Object recognition algorithms scan a supermarket stall, detect the products, and classify them by a manufacturer, a brand, or an SKU. The solution compares the obtained results to a reference planogram and notifies retailers about mismatches, if any.
Detecting empty shelves
According to a study conducted by IHL Group, the worldwide retail industry misses out on $984 billion in sales due to products being out-of-stock.
Image recognition helps retailers prevent losing money and customers. When an SKU is missing on the shelf, image recognition software notifies the staff of the need to replenish.
Self-checkout systems and stores
A self-checkout system allows customers to place their purchases in front of the camera without having to comply with the line-of-sight rule (the way barcodes do) and immediately proceed with the payment. According to numerous studies, customers find self-checkout options more convenient, fast, and enjoyable.
A more advanced take on self-checkout is a cashierless store. In such advanced stores, an image recognition system takes in the data from CCTV cameras or the cameras embedded into a shopping cart to recognize the purchases and automatically charge the customer. The payment in such cases may be handled via a mobile app, a self-service kiosk, or even by scanning one’s palm at a store gate.
Retail AR applications
Product image recognition pairs well with augmented reality technology solutions, too, enabling real-time marketing and making online shopping more convenient and engaging.
The combination of techs brings all kinds of interactive experiences to life — from visualizing product catalogs (Ikea) to providing additional information on merchandised products (IBM Research) to enticing customers to pop inside a store (IBM Hugo Boss).
Helping visually impaired customers
Packaged products are extremely difficult to tell apart. Image recognition software can help people with seeing disabilities shop independently by reading the labels and texts placed onto the boxes out loud.
A run-through of benefits image recognition drives in retail
Image recognition brings about significant improvements to how retail businesses run, namely:
- The sales reps get to spend more time on sales instead of manually doing the paperwork
- Retailers get the chance to maintain visual consistency across multiple stores within a single chain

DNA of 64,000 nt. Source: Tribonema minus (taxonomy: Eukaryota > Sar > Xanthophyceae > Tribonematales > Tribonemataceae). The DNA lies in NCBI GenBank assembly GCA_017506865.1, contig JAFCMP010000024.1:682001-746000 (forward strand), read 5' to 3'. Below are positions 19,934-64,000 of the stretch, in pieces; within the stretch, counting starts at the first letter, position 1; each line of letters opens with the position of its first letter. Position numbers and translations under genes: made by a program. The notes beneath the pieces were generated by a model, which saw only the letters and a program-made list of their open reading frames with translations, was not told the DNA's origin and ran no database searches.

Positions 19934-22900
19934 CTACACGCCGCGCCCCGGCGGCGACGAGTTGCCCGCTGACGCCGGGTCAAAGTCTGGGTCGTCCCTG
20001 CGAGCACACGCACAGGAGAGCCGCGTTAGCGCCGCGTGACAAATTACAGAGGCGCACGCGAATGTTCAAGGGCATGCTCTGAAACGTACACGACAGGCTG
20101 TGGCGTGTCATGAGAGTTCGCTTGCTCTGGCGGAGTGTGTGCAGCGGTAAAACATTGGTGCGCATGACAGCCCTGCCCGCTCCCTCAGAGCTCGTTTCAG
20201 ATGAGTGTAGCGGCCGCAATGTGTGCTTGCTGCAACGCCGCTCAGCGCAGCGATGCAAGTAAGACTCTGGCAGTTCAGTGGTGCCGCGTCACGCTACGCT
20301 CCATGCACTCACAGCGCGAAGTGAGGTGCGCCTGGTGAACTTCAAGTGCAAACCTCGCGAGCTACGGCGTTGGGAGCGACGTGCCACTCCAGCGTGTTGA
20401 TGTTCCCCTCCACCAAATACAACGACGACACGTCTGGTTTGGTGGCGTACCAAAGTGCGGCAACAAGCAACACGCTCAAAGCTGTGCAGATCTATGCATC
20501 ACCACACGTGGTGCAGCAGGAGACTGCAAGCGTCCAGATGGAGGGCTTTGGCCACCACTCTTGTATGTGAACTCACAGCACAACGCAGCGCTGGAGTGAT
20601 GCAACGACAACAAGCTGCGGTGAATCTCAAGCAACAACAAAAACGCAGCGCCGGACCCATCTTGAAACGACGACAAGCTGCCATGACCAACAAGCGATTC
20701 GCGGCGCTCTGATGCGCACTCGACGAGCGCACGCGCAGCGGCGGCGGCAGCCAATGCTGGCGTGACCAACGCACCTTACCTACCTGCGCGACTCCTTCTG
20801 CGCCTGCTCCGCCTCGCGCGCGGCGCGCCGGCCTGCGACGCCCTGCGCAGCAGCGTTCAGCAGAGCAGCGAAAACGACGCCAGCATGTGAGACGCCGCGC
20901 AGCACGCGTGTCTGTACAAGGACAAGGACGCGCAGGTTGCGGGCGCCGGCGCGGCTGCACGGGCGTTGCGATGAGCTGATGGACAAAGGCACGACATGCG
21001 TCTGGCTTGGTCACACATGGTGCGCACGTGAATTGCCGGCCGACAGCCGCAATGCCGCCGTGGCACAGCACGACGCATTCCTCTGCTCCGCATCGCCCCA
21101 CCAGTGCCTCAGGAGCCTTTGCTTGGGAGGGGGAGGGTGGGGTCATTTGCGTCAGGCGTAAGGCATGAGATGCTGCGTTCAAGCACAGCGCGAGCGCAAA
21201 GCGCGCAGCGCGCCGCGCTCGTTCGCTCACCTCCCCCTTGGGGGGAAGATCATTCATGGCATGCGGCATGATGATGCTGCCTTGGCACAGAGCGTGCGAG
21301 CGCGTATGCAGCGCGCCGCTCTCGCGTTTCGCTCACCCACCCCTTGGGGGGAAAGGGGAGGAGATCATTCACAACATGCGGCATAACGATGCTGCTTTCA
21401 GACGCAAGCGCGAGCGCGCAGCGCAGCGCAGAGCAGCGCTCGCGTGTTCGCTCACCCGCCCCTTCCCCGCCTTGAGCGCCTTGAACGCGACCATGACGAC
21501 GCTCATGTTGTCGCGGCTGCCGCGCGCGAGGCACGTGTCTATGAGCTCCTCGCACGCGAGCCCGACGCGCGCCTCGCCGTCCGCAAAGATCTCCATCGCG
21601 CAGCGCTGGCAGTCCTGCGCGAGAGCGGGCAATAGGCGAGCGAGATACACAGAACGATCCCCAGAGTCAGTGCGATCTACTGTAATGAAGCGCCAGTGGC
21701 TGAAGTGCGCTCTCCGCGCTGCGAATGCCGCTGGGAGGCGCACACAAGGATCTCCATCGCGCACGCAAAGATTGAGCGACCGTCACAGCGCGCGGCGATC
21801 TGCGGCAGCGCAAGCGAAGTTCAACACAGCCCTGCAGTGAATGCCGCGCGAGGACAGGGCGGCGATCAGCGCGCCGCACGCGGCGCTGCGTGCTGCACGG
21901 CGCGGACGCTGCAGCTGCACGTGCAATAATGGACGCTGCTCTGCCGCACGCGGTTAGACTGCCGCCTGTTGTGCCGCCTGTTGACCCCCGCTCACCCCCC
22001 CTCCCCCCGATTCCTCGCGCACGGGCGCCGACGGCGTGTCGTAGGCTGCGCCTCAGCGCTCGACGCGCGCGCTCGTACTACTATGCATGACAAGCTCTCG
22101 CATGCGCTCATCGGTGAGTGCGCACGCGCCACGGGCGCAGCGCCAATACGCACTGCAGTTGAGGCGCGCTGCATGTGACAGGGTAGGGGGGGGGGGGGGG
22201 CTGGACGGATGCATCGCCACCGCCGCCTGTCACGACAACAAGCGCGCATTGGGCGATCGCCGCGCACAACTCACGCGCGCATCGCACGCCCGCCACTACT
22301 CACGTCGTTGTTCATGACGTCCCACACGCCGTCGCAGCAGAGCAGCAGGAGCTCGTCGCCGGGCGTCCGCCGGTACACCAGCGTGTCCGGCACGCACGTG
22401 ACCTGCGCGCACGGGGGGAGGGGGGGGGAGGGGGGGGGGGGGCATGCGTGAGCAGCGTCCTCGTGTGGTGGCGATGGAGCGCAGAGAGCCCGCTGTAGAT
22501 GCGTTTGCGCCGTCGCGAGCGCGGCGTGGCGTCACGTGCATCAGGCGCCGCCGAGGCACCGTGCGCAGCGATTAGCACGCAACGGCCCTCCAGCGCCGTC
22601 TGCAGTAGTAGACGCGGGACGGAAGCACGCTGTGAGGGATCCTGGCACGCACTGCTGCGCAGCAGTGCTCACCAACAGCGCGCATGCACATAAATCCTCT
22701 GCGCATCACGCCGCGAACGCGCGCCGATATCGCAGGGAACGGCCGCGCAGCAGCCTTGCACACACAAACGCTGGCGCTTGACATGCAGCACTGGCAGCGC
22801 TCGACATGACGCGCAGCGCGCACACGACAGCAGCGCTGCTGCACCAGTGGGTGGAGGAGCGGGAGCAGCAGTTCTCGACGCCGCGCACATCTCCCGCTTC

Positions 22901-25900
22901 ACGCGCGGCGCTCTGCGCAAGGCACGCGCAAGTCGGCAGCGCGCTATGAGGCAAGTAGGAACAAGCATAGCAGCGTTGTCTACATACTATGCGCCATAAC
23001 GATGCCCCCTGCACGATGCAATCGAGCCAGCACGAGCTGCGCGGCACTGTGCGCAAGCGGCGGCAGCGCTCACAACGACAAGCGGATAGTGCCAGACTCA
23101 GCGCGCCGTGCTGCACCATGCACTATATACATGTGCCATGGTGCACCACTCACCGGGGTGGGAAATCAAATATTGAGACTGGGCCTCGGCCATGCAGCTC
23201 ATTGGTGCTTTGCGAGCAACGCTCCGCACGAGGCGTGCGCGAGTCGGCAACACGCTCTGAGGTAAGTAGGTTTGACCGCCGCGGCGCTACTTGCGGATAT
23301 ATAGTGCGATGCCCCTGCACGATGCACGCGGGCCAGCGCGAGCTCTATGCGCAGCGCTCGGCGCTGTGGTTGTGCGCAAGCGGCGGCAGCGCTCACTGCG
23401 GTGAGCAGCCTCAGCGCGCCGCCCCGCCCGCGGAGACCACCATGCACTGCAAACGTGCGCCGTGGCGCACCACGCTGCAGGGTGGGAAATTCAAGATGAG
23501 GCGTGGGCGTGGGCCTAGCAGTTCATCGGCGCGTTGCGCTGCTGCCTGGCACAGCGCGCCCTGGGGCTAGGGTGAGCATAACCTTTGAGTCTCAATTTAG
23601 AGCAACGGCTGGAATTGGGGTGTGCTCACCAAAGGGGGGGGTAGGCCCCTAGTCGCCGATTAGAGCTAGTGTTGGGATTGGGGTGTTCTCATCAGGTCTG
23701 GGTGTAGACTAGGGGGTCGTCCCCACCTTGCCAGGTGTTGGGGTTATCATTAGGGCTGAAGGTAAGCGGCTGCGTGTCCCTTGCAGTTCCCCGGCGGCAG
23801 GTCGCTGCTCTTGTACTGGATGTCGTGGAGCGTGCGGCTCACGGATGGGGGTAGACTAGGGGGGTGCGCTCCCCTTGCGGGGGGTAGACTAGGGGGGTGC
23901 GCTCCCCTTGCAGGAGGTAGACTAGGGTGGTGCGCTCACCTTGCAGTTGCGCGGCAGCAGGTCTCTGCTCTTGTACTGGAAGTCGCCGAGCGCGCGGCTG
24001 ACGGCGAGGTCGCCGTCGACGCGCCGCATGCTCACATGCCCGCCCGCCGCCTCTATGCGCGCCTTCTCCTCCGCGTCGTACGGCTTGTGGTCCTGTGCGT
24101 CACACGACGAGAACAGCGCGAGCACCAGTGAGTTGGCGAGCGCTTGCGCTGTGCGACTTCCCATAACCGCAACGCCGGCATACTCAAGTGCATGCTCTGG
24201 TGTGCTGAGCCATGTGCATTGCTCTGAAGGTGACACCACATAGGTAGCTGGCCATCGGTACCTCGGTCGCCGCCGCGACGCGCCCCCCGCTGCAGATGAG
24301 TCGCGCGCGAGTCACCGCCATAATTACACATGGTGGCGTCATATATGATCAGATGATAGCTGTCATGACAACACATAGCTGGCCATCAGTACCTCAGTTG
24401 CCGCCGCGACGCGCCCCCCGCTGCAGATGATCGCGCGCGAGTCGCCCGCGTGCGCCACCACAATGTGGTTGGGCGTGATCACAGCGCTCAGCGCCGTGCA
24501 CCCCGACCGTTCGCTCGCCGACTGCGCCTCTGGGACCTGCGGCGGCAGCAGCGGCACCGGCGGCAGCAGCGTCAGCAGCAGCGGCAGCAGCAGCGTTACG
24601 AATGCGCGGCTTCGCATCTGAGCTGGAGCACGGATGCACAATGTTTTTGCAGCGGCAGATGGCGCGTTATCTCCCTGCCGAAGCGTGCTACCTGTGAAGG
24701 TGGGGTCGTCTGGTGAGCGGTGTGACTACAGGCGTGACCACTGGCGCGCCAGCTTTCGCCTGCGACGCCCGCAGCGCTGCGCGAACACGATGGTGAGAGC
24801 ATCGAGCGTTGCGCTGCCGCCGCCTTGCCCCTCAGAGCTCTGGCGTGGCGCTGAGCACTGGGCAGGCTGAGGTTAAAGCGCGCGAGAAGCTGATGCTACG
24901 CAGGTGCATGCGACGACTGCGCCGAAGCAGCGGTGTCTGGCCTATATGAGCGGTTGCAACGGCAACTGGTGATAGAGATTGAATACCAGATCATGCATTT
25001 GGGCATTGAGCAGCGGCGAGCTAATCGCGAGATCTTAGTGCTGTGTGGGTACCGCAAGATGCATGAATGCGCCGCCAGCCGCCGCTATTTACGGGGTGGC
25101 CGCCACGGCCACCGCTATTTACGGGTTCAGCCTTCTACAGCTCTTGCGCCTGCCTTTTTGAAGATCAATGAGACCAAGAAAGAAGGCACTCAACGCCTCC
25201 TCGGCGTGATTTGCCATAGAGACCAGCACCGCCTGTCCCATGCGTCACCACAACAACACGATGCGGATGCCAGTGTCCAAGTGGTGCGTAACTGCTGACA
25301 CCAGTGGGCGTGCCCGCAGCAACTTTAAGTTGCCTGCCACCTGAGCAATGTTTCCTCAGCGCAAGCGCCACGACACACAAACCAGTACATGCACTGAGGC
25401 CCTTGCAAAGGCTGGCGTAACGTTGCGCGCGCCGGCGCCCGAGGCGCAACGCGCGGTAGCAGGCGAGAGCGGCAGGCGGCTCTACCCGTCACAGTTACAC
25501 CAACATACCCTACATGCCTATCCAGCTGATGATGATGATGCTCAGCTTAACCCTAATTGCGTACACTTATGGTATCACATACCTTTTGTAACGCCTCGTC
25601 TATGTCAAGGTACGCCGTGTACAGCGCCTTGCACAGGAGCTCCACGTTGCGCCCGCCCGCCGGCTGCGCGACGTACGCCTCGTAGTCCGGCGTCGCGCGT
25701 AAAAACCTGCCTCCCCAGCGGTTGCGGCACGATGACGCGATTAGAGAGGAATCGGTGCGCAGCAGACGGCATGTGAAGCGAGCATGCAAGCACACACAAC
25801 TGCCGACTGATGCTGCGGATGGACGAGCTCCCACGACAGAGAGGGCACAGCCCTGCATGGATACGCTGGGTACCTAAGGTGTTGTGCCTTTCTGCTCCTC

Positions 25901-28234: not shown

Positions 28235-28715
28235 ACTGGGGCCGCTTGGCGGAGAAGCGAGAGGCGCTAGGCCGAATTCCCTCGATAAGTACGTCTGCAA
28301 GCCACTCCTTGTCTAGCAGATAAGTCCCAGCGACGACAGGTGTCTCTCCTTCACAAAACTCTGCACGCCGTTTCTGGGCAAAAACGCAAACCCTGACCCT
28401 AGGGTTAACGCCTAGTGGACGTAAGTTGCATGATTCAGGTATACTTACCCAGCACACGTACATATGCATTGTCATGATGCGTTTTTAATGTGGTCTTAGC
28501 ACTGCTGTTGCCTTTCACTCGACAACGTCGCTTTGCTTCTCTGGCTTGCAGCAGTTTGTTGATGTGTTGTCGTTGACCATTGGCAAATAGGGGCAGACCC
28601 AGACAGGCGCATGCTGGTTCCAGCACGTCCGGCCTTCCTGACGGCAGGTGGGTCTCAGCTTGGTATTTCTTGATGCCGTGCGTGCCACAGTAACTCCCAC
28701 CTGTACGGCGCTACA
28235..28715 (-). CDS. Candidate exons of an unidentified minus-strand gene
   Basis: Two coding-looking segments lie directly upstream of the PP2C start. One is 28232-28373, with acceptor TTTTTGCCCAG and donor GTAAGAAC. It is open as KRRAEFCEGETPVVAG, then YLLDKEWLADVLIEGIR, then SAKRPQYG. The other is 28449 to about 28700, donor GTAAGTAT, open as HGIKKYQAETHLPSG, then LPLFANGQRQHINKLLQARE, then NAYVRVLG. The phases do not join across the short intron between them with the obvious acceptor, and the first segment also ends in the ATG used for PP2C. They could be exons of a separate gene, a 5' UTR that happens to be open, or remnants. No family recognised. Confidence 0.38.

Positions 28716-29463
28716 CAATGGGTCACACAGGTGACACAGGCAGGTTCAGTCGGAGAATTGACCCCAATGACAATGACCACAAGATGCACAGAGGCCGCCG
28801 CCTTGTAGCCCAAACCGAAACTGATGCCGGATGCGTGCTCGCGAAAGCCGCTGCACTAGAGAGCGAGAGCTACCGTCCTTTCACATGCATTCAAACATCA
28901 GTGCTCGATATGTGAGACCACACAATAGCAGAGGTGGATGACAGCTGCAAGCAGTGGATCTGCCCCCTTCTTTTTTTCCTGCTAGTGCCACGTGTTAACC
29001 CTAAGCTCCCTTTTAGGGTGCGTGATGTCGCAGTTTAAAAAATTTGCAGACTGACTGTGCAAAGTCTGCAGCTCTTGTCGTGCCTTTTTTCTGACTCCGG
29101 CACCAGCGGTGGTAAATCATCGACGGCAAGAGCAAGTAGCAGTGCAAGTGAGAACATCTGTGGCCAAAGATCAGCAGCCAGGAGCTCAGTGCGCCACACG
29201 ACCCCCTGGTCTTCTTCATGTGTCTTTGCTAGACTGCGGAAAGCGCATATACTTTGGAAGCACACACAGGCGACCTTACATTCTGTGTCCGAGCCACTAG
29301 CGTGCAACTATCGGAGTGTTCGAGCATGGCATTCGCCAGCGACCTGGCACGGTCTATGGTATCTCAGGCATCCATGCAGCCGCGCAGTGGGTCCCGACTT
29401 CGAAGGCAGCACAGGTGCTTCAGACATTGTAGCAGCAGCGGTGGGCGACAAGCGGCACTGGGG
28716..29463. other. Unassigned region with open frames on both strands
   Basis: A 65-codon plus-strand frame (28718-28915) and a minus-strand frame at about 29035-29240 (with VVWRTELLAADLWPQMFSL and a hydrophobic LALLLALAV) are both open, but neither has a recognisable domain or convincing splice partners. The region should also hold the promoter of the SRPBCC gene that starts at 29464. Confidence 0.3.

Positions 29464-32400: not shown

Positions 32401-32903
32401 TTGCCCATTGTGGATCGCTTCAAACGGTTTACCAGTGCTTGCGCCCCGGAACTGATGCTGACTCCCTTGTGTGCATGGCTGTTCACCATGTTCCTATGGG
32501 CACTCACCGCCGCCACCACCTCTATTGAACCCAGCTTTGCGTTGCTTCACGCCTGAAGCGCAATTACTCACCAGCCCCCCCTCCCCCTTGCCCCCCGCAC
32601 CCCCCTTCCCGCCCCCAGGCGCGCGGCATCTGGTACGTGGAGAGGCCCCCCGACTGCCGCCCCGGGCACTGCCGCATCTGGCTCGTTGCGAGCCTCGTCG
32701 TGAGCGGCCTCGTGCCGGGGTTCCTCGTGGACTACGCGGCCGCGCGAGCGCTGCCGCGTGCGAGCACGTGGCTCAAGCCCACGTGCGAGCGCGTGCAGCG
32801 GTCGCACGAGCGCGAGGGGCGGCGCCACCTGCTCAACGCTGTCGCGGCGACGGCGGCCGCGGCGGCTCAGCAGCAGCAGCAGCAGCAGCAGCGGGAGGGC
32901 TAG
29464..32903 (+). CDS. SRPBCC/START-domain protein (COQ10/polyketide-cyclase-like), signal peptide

- Manufacturers get an opportunity to adjust production volumes based on brand performance and distribute products according to customer demand
- Retailers prevent overstocking and stock-outs, as well as make sure customers are always served fresh products
- Retailers sell more effectively due to analytics-driven product placement
Building an image recognition solution for retail: key points to remember
If you have your mind on implementing an image recognition system for retail, here are vital things to remember.
Custom vs. library-based development
You can either train a product recognition model from scratch or use an already trained deep learning model, like the previously mentioned Fast R-CNN or YOLO. Going the custom route is more time- and effort-intensive. Still, it would allow you to create a model that meets your specific needs.
Going for a pre-trained deep learning model could help you cut down development efforts, but don’t get tricked into thinking it can be implemented right away. Due to the specifics of data publicly available models are trained on, they often require additional training on custom datasets.
The requirements for training data
So, either way, you have to train the deep learning model to guarantee accurate product recognition.
When assembling a training dataset, make sure you have enough data entries. Deep learning models require large volumes of annotated data, so it might become challenging to achieve high accuracy if you only have a few examples.
Another point to keep in mind is the variability of the training dataset. The number of SKUs in one supermarket can reach thousands. But the datasets used for training retail image recognition models fail to represent the variety of products found on the supermarket shelves. PASCAL VOC, for example, contains 20 classes of objects, while COCO features 80 object categories. So, be ready to collect additional footage featuring diverse product categories.
What adds up to the challenge is that object detection datasets powering popular product recognition models feature images taken in conditions far from natural. Hence, for the model to recognize various products in real-life situations, one needs to train the model on the footage accurately representing reality.
Keeping an eye on interclass variation
Apart from differentiating product classes, a retail image recognition solution should distinguish products from the same category, say, differently-flavored cookies of the same brand. The packaging of such products usually features minor differences that are difficult to recognize, even for the human eye. To ensure your deep learning model accurately tells those apart, be ready to invest time in additional data labeling.
Adjusting the deep learning model
Retailers regularly import new SKUs to attract customers. The packaging of products on the market changes quite frequently, too. This calls for additional training of the deep learning model powering your retail application, so it accurately recognizes new SKUs.
In the coming years, retailers are expected to leverage image recognition software to the fullest. If you want to implement a retail image recognition solution and search for a reliable partner to do so, drop ITRex Group a line, and we’ll help you out.